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The removal, storage and use of organs or part organs from a deceased person for transplantation is governed by the Human Tissue Act. The underlying principle of deceased donation is that organs and tissues can only be removed with appropriate consent.
Human tissue is used in scientific and medical research, to improve understanding of how diseases start and progress and what keeps us healthy. Researchers may find different ways of diagnosing disease, or develop new treatments.
When someone dies it can be a distressing and confusing time for family members. In some circumstances, a post-mortem examination may be required or requested. This is an examination of a body after death and during this examination; organs and tissue samples may need to be removed for...
Donating your body to a medical school is a valuable gift - your donation will become an important resource for training healthcare professionals or for research.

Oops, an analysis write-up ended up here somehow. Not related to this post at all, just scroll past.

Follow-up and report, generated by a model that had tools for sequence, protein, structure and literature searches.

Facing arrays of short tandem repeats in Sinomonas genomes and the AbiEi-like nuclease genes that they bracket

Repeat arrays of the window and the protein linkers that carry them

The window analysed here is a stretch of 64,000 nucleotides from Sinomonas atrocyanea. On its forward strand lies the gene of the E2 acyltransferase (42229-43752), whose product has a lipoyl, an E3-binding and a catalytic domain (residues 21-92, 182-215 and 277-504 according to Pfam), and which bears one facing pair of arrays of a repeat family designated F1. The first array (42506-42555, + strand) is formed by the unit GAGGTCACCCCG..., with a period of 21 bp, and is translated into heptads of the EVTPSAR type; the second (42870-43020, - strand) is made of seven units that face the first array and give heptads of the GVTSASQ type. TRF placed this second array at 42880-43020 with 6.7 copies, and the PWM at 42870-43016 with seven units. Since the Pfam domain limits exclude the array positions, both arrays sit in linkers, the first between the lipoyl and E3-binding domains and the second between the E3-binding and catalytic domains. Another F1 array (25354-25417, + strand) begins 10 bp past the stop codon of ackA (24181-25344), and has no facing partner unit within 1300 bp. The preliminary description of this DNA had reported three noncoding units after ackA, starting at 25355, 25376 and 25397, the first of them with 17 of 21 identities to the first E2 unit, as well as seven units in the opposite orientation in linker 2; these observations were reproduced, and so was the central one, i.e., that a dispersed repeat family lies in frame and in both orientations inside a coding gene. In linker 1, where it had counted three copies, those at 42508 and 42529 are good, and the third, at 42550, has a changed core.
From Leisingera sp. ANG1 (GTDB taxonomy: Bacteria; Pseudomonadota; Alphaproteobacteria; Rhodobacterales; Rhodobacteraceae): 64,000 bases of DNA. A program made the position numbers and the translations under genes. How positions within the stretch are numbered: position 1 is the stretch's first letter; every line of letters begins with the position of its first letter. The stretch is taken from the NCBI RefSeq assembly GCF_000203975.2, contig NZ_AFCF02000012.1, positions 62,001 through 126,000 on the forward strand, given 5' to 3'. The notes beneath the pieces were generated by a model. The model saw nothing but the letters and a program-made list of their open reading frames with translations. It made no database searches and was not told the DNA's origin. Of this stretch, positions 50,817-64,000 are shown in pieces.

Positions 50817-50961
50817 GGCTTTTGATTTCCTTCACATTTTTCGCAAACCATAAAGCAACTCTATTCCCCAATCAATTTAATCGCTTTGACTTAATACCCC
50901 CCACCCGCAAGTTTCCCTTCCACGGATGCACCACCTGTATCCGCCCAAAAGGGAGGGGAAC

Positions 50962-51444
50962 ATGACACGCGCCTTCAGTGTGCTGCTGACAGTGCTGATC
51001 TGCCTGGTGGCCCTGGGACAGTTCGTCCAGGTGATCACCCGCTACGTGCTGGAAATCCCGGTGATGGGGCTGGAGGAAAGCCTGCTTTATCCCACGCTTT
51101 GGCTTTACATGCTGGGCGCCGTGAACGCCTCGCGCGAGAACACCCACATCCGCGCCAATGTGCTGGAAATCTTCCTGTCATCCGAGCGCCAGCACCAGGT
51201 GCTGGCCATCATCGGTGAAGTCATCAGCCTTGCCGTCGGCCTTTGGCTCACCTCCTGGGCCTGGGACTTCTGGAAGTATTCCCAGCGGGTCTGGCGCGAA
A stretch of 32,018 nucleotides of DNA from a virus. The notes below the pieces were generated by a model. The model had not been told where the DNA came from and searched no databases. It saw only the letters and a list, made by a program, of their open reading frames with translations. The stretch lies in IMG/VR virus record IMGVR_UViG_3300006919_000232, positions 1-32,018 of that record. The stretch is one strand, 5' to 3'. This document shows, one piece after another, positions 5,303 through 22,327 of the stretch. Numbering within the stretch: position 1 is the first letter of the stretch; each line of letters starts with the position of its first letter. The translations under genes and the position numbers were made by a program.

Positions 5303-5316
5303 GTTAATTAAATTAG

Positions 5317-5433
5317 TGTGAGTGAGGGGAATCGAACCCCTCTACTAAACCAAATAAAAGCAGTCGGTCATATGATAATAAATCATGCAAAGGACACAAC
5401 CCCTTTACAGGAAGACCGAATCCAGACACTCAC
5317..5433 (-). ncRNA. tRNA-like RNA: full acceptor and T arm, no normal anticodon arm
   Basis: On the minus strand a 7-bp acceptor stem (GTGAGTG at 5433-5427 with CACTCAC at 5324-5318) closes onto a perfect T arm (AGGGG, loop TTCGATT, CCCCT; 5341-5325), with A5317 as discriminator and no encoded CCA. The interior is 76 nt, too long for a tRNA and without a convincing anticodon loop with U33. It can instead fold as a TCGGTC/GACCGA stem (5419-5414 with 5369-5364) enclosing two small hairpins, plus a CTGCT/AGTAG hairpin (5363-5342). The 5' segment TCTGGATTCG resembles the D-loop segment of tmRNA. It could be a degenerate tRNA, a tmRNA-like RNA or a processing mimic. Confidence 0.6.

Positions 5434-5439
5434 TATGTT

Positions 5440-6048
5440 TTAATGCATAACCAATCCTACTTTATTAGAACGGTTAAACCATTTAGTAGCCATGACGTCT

Contact details for the transplant teams across the country can be found here.
NHS Blood and Transplant (NHSBT)
The Human Tissue Act 2004 (HT Act) provides the legal framework for bone marrow and peripheral blood stem cell (PBSC) donation in England, Wales and Northern Ireland.
The Regulators’ Code came into statutory effect in April 2014. It provides a principles-based framework for how regulators should engage with those they regulate.
The HTA was established on 1 April 2005 under the Human Tissue Act 2004 (HT Act) which extends to England, Wales and Northern Ireland.
Are you considering banking your baby’s umbilical cord blood? Considering giving it as a gift to expectant parents? Do you know how to go about it? Where to bank? Or have you already banked cord blood? Did you find it difficult to do?